As a former FDA commissioner Alexander Schmidt put it, “Rarely, if ever, has Congress held a hearing to look into the failure of FDA to approve a new entity; but it has held hundreds of hearings alleging that the FDA has done something wrong by approving a drug.” This lesson applies to all regulatory agencies and weighs heavily on the minds of bureau chiefs; thus the abundance of warnings and the resulting public confusion.

For a health and safety bureaucracy there is no profit — only risk — in letting products to market. Producers subject to market and judicial forces are incentivized to satisfy customers and to be proactive about consumer safety. They jealously guard their brands’ reputations, and they fear liability.

Yet policymakers argue that producers will chronically under-advertise the risks of their products. They often cite this “market failure” to justify signs, labels and loud public proclamations financed out of the public purse. While on the surface this may sound reasonable, without the dual market constraints of profit and liability a regulatory bureaucracy risks advertising too much risk.

The problem is institutional in nature. Instead of correcting “market failure” the bureau may end up producing “government failure,” trading the fear of underproduction for the reality of overproduction. And overproduction always comes with a cost. Overstating danger increases danger. The social cost is not just the agency’s misdirected resources. It is also in the crowding out, diluting or even discrediting of its own message. Bureaucratic solutions should come with a warning label.

Linear No-Threshold Model and Standards for Protection Against Radiation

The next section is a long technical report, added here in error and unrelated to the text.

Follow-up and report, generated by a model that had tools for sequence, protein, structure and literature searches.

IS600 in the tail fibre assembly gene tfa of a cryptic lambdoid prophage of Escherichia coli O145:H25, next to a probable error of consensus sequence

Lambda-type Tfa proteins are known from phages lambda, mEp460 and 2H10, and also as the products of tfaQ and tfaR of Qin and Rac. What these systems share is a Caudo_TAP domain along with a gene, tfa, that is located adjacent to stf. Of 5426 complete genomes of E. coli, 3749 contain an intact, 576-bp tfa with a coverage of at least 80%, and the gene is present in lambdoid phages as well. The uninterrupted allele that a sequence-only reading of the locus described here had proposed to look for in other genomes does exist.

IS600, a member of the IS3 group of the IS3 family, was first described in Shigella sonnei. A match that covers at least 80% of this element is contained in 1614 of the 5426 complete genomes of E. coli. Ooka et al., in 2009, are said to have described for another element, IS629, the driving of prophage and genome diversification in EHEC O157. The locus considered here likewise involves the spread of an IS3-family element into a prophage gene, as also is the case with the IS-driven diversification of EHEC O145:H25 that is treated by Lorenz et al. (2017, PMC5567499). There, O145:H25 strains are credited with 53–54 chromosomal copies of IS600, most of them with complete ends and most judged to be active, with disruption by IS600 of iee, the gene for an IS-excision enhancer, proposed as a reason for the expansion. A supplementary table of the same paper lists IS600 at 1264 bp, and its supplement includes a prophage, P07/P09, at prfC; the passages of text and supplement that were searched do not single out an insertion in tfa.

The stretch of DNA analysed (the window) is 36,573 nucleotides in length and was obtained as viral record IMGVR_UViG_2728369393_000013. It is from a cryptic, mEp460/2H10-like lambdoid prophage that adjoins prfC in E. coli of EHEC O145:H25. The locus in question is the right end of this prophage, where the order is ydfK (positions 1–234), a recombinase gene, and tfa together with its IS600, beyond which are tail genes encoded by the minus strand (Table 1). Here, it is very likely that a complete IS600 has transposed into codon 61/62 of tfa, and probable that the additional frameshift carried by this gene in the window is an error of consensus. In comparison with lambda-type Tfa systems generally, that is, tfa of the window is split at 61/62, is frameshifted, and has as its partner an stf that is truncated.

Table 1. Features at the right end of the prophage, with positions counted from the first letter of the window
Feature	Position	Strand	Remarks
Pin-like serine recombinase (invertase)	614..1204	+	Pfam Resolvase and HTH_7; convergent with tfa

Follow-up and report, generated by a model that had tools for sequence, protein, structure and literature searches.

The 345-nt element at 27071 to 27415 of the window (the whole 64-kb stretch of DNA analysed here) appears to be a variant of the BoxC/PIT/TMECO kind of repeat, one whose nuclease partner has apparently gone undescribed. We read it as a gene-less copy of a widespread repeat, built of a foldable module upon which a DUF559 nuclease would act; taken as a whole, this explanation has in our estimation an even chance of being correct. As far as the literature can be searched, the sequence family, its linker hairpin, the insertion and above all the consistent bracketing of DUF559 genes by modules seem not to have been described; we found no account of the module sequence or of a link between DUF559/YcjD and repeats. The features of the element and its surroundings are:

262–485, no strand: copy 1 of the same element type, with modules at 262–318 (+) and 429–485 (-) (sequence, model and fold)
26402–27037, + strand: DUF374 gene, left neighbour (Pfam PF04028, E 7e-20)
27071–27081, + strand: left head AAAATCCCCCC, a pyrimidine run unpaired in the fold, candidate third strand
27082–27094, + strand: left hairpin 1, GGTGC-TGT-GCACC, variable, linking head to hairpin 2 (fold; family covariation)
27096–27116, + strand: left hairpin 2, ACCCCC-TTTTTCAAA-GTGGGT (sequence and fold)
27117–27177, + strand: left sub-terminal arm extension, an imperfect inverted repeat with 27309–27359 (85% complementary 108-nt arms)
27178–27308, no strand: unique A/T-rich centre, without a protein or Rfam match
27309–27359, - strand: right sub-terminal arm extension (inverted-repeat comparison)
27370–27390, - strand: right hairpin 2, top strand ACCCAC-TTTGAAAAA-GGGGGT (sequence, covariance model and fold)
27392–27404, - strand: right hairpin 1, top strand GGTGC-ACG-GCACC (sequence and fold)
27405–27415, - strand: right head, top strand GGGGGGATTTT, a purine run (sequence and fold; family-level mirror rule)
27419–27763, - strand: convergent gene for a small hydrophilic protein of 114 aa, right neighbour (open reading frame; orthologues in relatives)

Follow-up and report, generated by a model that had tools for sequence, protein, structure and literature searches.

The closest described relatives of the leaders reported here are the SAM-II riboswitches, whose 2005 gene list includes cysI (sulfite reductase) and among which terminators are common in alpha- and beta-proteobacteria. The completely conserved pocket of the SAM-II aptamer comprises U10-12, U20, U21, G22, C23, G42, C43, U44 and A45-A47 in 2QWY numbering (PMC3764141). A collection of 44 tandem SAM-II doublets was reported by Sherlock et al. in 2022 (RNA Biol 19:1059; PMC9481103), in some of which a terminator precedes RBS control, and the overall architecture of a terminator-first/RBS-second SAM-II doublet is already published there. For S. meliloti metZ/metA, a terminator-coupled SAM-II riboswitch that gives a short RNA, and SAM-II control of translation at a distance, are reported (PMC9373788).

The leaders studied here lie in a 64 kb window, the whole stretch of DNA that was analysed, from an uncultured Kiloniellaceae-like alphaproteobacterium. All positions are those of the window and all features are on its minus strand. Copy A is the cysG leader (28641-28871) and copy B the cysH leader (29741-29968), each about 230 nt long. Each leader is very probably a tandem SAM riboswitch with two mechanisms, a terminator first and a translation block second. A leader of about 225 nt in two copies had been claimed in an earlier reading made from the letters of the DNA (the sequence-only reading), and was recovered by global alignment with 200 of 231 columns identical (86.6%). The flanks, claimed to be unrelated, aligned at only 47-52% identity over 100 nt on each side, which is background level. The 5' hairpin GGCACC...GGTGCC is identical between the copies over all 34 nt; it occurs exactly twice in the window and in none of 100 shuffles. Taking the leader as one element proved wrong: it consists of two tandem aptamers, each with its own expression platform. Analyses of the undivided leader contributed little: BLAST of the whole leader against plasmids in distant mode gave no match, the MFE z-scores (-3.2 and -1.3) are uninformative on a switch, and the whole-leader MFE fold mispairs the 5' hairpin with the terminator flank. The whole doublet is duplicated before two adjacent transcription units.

October 22, 2015

In response to the three petitions by Carol S. Marcus, Mark L. Miller, and Mohan Doss, dated February 9, February 13, and February 24, 2015, respectively, the Nuclear Regulatory Commission (NRC or the Commission) has announced that it is considering assessing its choice of dose-response model, the Linear No-Threshold (LNT) model, for exposure to ionizing radiation. More precisely, the petitioners have proposed that the Commission amend 10 CFR Part 20, Standards for Protection against Radiation, to reflect the latest scientific understanding and evidence in support of low-dose radiation hormesis as a potentially more plausible default. 

The petitioners argue that (1) the LNT assumption has never been validated and is still lacking scientific support; (2) there is vast scientific evidence, grounded in biology, genetics, clinical experiments, and ecological and epidemiological studies, in support of the existence of a low-dose radiation threshold and, even more so, of low-dose radiation hormesis; and (3) the LNT assumption is retarding public health by limiting the potential therapeutic application of low-dose ionizing radiation in treatment of diseases, especially cancer. 

In light of these claims, two of the petitioners have made the following recommendations: “(1) Worker doses should remain at present levels, with allowance of up to 100 mSv (10 rem) effective dose per year if the doses are chronic. (2) ALARA [as low as reasonably achievable] should be removed entirely from the regulations. . . . (3) Public doses [exposure] should be raised to worker doses.” One petitioner also requests that the regulation be changed to “(4) end differential doses for pregnant women, embryos and fetuses, and children under 18 years of age.” 

This comment extends the petitioners’ argument in favor of reexamining the default hypothesis (LNT) and taking consideration of low-dose hormesis for the following reasons: